suspended advance sales of the iPhone 4 as demand threatened to exceed supply. Retail stores
were also unable to complete pre-order transactions due to the servers crashing. Apple and its
partner carriers received 600,000 pre-orders for the iPhone 4 in the first 24 hours, the largest
number of pre-orders Apple has received in a single day for any device. Engadget reported that
at 20:30 UTC, all iPhone 4 pre-order suppliers had sold out. 1.7 million iPhone 4s were sold in
its first three days of availability.

The iPhone 4 has also been released through Orange in Tunisia and was available in eight cities
at the launch. In South Korea, it was released by KT on September 10. In Israel, it was released,
too, on September 24, through Cellcom, Pelephone and Orange. It was launched in Thailand on
September 23 by AIS, DTAC and True Move, and in Malaysia on September 26 in Kuala
Lumpur, and nationwide on September 27 according to the website of Maxis. The iPhone 4 was
released in South Africa on September 22 on the Vodacom and MTN networks, in very limited
quantitiesThe iPhone 4 was launched in Vietnam on September 30 by VinaPhone and Viettel, at
first in 3 major cities: Hanoi, Ho Chi Minh city and Da Nang, and then all over the country by
the end of October.

The iPhone 4 was launched in India on May 27, 2011 by Aircel and Airtel. Aircel is releasing the
16GB iPhone 4 for 34,500 and the 32GB one for 40,990. The smartphone will be available on
a contract basis from both the service providers.

On January 11, 2011, Verizon announced during a media event that it had reached an agreement
with Apple and would begin selling a CDMA iPhone 4 in the United States, ending Apple's
exclusivity agreement with AT&T. The Verizon iPhone went on sale on February 10 and pre
orders began on February 3. The Verizon iPhone includes the 'Personal Hotspot" feature which
allows a user to use the iPhone as a wireless hotspot, with up to 5 devices connecting at one time.
The February 3 presale of the iPhone 4 broke Verizon's first day sales records for a single device.

On June 24, 2010, Apple issued a statement that the white iPhone 4 models were proving more
"challenging to manufacture" than expected, and initially pushed the release date back to the
second half of July. There was a lot of speculation surrounding the delay of the white iPhone 4.
Among the most popular rumors are those concerning the phone's internal camera being
adversely affected by light leaking in due to the semi-translucent glass and the white paint. Other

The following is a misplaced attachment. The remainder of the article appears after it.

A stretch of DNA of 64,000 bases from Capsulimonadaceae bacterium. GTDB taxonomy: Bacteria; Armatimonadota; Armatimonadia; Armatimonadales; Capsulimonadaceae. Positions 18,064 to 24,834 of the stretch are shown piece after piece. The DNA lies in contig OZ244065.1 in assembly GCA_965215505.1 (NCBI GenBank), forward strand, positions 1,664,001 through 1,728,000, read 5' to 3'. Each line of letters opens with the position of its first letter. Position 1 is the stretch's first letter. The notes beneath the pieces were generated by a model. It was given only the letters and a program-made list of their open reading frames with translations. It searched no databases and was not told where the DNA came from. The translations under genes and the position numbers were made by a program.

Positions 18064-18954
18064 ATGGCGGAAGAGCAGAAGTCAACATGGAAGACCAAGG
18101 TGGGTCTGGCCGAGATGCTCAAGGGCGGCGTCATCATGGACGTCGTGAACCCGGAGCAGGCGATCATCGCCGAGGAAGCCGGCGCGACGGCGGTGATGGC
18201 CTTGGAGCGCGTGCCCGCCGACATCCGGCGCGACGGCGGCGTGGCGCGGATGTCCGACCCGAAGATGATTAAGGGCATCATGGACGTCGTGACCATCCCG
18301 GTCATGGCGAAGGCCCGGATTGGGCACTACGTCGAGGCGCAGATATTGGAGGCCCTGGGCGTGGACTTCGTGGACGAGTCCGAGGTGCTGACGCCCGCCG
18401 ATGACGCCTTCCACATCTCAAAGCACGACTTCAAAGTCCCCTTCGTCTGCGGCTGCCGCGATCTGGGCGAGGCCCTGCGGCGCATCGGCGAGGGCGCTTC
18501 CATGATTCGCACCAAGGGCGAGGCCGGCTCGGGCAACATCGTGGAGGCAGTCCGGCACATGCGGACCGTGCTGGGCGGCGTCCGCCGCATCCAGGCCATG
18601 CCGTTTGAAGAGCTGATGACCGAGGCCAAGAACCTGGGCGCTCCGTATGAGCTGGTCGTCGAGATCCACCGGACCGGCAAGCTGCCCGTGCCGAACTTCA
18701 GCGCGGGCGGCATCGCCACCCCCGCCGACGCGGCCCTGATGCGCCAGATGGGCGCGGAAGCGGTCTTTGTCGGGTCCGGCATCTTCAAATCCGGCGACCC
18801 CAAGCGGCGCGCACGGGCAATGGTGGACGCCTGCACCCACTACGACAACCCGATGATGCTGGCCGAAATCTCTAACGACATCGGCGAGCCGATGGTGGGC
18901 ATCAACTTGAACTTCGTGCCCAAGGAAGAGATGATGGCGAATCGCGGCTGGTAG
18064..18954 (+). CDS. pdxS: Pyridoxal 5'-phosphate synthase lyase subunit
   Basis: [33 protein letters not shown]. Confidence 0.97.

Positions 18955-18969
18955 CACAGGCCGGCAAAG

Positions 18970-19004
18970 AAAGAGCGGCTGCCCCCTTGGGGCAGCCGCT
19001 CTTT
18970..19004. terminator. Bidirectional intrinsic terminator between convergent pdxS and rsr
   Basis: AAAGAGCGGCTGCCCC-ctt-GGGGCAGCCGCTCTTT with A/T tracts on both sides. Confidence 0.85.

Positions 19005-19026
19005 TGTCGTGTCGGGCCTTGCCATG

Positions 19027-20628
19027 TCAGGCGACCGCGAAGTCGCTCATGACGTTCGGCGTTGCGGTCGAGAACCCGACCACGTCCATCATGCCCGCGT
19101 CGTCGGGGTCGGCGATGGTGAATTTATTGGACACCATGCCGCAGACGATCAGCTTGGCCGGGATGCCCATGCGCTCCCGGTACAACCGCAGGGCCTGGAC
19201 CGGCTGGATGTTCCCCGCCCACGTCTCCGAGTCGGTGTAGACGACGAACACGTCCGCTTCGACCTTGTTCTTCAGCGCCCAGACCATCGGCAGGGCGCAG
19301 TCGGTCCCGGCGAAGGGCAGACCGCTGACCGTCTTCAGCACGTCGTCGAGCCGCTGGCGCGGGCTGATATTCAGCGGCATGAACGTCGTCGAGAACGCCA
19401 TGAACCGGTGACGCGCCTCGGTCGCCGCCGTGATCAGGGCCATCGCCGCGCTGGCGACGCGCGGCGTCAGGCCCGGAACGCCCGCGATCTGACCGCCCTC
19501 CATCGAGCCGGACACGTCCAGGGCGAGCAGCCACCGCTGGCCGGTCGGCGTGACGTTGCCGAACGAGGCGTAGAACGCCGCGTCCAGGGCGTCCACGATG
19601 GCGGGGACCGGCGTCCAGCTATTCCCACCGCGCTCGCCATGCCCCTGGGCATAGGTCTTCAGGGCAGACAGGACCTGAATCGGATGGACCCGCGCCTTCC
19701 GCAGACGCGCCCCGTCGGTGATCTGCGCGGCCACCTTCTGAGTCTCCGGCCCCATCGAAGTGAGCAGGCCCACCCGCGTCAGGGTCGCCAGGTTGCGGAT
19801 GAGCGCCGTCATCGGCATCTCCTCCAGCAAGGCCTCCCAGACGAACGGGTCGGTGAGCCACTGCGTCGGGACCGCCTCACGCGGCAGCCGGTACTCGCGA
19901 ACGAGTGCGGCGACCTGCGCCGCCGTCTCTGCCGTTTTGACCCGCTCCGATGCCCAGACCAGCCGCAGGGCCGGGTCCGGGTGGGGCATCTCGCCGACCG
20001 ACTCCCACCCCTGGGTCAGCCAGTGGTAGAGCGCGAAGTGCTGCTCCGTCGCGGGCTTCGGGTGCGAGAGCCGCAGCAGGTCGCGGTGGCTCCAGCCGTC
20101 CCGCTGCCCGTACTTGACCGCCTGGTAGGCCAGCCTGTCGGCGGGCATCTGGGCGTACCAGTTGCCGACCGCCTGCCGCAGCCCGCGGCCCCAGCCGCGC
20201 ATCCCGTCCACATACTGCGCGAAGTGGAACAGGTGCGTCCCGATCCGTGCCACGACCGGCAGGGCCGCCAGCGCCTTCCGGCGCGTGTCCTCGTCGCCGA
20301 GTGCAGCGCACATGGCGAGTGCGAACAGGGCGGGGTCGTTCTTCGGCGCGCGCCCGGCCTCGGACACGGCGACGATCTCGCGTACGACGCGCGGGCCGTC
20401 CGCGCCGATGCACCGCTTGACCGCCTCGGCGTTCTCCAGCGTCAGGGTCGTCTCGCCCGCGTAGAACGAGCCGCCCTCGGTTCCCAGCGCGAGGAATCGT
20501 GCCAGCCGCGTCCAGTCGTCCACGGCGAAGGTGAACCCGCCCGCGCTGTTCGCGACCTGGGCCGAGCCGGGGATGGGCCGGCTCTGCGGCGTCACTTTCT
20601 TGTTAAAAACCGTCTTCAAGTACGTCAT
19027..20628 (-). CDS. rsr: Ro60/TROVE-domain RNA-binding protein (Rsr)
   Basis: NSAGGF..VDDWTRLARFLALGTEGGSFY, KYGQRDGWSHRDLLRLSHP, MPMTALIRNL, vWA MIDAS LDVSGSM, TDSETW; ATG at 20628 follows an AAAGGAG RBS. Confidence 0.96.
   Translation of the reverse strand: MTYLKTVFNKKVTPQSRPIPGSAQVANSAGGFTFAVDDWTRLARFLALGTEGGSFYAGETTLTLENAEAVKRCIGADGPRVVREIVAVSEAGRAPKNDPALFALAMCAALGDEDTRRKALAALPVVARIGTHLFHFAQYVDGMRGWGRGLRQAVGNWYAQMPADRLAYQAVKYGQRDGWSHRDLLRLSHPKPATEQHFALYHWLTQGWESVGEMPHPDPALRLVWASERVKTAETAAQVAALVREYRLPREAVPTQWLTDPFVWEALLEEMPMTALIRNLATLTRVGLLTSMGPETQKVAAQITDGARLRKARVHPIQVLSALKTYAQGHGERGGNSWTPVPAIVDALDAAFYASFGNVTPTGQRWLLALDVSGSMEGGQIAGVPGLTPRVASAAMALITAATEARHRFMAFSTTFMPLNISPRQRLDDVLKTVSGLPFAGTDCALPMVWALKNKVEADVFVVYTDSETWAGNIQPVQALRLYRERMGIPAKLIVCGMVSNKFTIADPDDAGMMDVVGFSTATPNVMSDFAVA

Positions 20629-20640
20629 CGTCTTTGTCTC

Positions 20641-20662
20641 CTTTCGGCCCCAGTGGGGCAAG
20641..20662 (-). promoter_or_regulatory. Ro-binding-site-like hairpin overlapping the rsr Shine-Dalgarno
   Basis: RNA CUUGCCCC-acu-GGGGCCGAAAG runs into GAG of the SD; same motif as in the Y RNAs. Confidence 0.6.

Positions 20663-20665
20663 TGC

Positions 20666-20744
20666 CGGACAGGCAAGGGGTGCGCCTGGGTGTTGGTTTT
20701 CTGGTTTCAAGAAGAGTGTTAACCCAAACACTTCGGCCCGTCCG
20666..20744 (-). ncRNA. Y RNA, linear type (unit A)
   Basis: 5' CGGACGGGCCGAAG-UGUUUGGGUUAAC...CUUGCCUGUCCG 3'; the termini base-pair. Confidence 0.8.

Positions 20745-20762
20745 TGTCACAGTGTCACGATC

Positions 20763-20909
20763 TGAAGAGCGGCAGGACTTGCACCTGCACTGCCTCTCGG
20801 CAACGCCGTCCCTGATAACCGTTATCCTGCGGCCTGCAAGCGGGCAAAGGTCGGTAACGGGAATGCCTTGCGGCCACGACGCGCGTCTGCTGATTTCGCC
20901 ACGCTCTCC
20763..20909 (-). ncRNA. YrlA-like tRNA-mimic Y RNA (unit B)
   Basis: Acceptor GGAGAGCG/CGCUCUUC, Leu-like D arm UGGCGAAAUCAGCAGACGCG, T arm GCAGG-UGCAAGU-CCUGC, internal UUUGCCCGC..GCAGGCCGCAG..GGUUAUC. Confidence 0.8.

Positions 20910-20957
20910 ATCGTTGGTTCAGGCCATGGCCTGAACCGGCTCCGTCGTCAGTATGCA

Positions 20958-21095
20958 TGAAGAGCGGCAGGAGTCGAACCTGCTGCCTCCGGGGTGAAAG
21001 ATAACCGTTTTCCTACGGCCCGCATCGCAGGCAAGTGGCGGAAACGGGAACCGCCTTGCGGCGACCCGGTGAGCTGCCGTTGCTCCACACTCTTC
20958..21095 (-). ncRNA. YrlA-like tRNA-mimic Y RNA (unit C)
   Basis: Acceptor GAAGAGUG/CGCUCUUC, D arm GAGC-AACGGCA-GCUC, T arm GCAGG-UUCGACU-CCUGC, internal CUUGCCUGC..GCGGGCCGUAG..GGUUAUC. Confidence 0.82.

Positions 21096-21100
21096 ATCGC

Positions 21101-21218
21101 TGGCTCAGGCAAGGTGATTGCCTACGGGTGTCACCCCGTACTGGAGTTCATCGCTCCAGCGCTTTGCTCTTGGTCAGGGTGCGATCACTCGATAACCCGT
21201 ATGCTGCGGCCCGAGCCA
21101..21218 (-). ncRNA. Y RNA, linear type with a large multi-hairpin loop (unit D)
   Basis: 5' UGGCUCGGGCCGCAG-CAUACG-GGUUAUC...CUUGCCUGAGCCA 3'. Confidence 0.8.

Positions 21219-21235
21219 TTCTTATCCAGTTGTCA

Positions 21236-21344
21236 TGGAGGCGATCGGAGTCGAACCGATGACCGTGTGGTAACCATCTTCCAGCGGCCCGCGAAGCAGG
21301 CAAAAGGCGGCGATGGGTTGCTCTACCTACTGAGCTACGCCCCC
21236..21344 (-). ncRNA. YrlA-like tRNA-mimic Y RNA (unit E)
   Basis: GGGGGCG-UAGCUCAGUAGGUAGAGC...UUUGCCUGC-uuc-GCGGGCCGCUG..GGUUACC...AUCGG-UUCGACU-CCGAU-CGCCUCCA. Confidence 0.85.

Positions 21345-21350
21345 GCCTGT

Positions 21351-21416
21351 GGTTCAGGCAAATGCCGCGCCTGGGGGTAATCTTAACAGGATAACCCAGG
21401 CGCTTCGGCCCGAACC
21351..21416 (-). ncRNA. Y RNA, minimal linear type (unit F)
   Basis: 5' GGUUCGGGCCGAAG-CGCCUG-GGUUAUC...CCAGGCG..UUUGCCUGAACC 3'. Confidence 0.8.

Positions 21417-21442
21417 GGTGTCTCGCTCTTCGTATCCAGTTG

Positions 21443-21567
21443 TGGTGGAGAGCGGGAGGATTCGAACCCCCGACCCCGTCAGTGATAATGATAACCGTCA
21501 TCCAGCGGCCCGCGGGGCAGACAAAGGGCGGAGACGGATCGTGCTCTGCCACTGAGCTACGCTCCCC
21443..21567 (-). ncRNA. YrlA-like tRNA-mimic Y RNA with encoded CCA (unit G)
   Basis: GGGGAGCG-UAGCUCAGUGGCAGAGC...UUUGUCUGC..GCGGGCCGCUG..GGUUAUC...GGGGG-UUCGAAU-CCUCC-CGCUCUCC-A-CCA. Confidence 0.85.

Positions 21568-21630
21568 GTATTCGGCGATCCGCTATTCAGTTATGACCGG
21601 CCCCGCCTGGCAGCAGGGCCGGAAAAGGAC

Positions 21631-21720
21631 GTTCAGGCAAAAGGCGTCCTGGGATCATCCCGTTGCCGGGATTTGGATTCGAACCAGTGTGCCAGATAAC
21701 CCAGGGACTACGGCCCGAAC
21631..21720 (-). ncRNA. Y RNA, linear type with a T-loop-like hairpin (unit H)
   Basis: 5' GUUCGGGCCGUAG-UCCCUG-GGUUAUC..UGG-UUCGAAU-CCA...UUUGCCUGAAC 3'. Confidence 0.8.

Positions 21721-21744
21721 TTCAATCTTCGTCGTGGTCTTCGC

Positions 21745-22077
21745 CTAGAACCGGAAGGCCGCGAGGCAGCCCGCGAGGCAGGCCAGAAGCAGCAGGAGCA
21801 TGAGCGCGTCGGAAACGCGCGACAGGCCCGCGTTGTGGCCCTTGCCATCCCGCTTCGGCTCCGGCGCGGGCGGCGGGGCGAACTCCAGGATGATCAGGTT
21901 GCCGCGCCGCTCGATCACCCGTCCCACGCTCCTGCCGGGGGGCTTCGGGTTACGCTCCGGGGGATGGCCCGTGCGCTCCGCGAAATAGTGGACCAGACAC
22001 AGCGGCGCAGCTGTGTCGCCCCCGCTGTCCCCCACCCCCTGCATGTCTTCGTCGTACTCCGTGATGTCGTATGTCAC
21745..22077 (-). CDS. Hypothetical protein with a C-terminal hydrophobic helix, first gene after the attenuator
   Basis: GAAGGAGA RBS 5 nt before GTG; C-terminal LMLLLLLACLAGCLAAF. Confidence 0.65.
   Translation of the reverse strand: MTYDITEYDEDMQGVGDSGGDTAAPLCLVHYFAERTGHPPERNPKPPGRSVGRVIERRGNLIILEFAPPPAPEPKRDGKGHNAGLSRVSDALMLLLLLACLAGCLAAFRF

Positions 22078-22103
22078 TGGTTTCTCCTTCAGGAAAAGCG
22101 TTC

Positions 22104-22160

sources report that the problem relates to Apple's inability to match the white color of the front
face plate with that of the home button. On April 27 Apple announced that it would be releasing
the white iPhone 4 model on April 28, 2011 for both GSM and CDMA. The release of the white
iPhone 4 was carried out on April 28, and is still available for purchase today.

During Apple's official unveiling of the iPhone 4S on October 4, 2011 it was announced that
Sprint would begin carrying the reconfigured CDMA iPhone 4 and the iPhone 4S in the US on
October 14.

Hardware
Display

The display of the iPhone 4 is manufactured by LG under an exclusive contract with Apple. It
features an LED backlit TFT LCD capacitive touchscreen with a pixel density of 326 pixels per
inch (ppi) on a 3.5 in (8.9 cm) (diagonally measured), 960×640 display. Each pixel is 78
micrometres in width. The display has a contrast ratio of 800:1. The screen is marketed by Apple
as the "Retina Display", based on the assertion that a display of approximately 300 ppi at a
distance of 12 inches (305 mm) from one's eye, or 57 arcseconds per pixel is the maximum
amount of detail that the human retina can perceive. With the iPhone expected to be used at a
distance of about 12 inches from the eyes, a higher resolution would allegedly have no effect on
the image's apparent quality as the maximum potential of the human eye has already been met.
This claim has been disputed. Raymond Soneira, president of DisplayMate Technologies, said in
an interview with Wired magazine, that the claims by Jobs are something of an exaggeration: "It
is reasonably close to being a perfect display, but Steve pushed it a little too far." Soneira stated
that the resolution of the human retina is higher than claimed by Apple, working out to 477 ppi at